March 27, 2009

What Are the Disadvantages of Mortgage Refinancing?

Besides the costs of refinancing, you may want to consider other potential disadvantages before signing on the dotted line. For example, if you cash out some of the equity in your home, you will own less of your home when the deal is done. And it may take you longer to own your home free and clear than if you had not refinanced.

  • Getting a good deal on your refinancing may require you to stay in your house longer than you wanted.
  • Before you refinance, consider calculating how long it will take you to break even.

Take time into consideration

Time is also a consideration when it comes to refinancing costs. How long will it take for your new interest savings to pay off the property appraisal, title insurance, and other costs? You may have to live in the house longer than you planned to make the refinance worthwhile. If you move before you have recouped the refinance costs, you will lose money on the deal.

How long before you break even?

To calculate how long it will take to amortize these costs before you "break even" with your present mortgage, begin by adding up all the refinancing costs. You may want to include the time you would spend in locating necessary documents, calling a few lenders, and completing the application process. Next, call a few lenders to determine current interest rates and your monthly savings in interest with a new loan. Since you are probably deducting your mortgage interest on your income tax, figure your monthly after-tax interest savings by multiplying your new mortgage interest monthly payment by your income tax bracket. For example, if you are in the 24 percent tax bracket, multiply your monthly interest savings by 24 percent to figure the lost tax savings. Then, divide the total refinance costs by your after-tax monthly savings to learn the number of months it will take you to break even with your current mortgage.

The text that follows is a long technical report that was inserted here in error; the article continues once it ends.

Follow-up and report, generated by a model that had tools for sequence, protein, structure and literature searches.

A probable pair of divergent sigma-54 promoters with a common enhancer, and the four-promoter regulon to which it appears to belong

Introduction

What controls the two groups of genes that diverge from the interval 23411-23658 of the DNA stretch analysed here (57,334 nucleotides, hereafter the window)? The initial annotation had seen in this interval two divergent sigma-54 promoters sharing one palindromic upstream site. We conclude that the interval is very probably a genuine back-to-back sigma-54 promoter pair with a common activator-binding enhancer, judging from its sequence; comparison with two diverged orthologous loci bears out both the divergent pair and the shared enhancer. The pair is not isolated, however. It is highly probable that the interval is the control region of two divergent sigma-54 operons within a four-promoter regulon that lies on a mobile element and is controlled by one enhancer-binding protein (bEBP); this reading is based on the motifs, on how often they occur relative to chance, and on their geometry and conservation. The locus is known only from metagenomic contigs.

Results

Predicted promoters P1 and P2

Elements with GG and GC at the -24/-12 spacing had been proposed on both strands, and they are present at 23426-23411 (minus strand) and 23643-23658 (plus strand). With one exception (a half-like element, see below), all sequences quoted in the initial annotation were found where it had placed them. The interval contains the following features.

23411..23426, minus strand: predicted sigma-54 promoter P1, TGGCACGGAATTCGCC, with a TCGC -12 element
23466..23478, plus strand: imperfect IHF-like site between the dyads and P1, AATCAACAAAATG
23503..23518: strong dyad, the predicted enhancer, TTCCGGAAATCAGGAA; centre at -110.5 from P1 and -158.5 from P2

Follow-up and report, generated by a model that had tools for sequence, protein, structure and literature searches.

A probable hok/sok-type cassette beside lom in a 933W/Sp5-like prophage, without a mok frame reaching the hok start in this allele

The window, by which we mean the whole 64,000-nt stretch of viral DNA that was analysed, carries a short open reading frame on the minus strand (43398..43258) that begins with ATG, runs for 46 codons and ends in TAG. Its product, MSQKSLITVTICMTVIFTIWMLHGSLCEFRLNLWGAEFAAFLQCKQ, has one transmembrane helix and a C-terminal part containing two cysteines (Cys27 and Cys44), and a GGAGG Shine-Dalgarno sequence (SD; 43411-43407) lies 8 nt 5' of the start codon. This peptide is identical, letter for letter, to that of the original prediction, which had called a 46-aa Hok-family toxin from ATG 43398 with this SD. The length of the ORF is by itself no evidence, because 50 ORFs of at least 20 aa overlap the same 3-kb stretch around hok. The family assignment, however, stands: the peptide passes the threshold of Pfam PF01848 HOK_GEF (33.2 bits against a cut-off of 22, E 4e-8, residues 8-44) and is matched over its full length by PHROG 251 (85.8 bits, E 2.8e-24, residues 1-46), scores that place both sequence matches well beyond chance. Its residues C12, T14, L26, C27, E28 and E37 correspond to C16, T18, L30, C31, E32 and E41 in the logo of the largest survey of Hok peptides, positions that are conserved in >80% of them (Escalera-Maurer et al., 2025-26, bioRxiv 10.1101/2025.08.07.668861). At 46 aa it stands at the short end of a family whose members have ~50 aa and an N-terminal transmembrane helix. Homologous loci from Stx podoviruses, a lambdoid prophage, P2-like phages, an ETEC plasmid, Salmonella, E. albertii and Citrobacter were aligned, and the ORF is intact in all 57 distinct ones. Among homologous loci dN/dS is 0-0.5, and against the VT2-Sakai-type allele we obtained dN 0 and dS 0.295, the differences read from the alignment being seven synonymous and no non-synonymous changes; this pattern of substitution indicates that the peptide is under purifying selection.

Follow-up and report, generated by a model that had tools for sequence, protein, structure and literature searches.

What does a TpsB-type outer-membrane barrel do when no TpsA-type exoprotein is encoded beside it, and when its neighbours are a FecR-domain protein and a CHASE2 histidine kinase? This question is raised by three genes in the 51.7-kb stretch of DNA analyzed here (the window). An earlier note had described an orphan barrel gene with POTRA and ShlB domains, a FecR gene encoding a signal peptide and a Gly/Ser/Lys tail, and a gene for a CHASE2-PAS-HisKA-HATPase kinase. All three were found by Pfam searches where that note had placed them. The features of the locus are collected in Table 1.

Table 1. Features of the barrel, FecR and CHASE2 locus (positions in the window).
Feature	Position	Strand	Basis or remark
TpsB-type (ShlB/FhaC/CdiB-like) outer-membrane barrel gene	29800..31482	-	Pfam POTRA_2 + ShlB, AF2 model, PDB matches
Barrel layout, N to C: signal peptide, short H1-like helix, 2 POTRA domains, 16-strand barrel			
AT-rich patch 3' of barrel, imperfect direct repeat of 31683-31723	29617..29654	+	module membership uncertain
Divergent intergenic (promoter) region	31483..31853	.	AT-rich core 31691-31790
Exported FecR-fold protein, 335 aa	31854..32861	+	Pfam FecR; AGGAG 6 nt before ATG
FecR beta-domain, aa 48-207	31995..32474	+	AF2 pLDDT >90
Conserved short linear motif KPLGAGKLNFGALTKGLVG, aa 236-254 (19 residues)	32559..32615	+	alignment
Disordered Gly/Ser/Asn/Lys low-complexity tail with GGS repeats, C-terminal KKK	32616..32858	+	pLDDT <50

An example of breaking even

Number of Months Needed to Break Even with Current Mortgage
What one must pay for materials, services, and other necessities to operate a business, organization, or household.
1. Currency and coins. Cash is also known as legal tender. 2. The currency, coins, bank balances, and (negotiable) money orders and checks that a business owns. 3. Assets that are highly liquid or marketable, with little or no risk of market loss.
1. Total assets minus liabilities. 2. The net worth of a company. 3. The amount of a company one owns according to how much stock he or she has. 4. The value of a property minus its liens.
A charge for using another’s money. Interest is usually stated as a percentage of the amount borrowed and can be charged in a variety of ways, such as accrual, compounding, or simple interest.
An insurance policy that protects a buyer against loss due to prior ownership claims against real property.
The medium of exchange used in trade or commerce.
A loan to buy real estate property, usually secured by the real estate property itself.
A percentage that indicates what borrowed money will cost or savings will earn. An interest rate equals interest earned or charged per year divided by the principal amount, and expressed as a percentage. In the simplest example, a 5% interest rate means that it will cost $5 to borrow $100 for a year, or a person will earn $5 for keeping $100 in a savings account for a year.
Money that has been borrowed from a creditor (lender) by a debtor and that must be repaid. Loans may also be referred to as liabilities.
A tax on the money one makes from labor and/or investments. Income taxes collected by the state and federal governments pay for public programs, defense, and entitlement programs.
Referring to income left after taxes have been withheld.
A payment to federal, state, and/or local governments based on the sales price of a product, on worker income, or on other property and activities.
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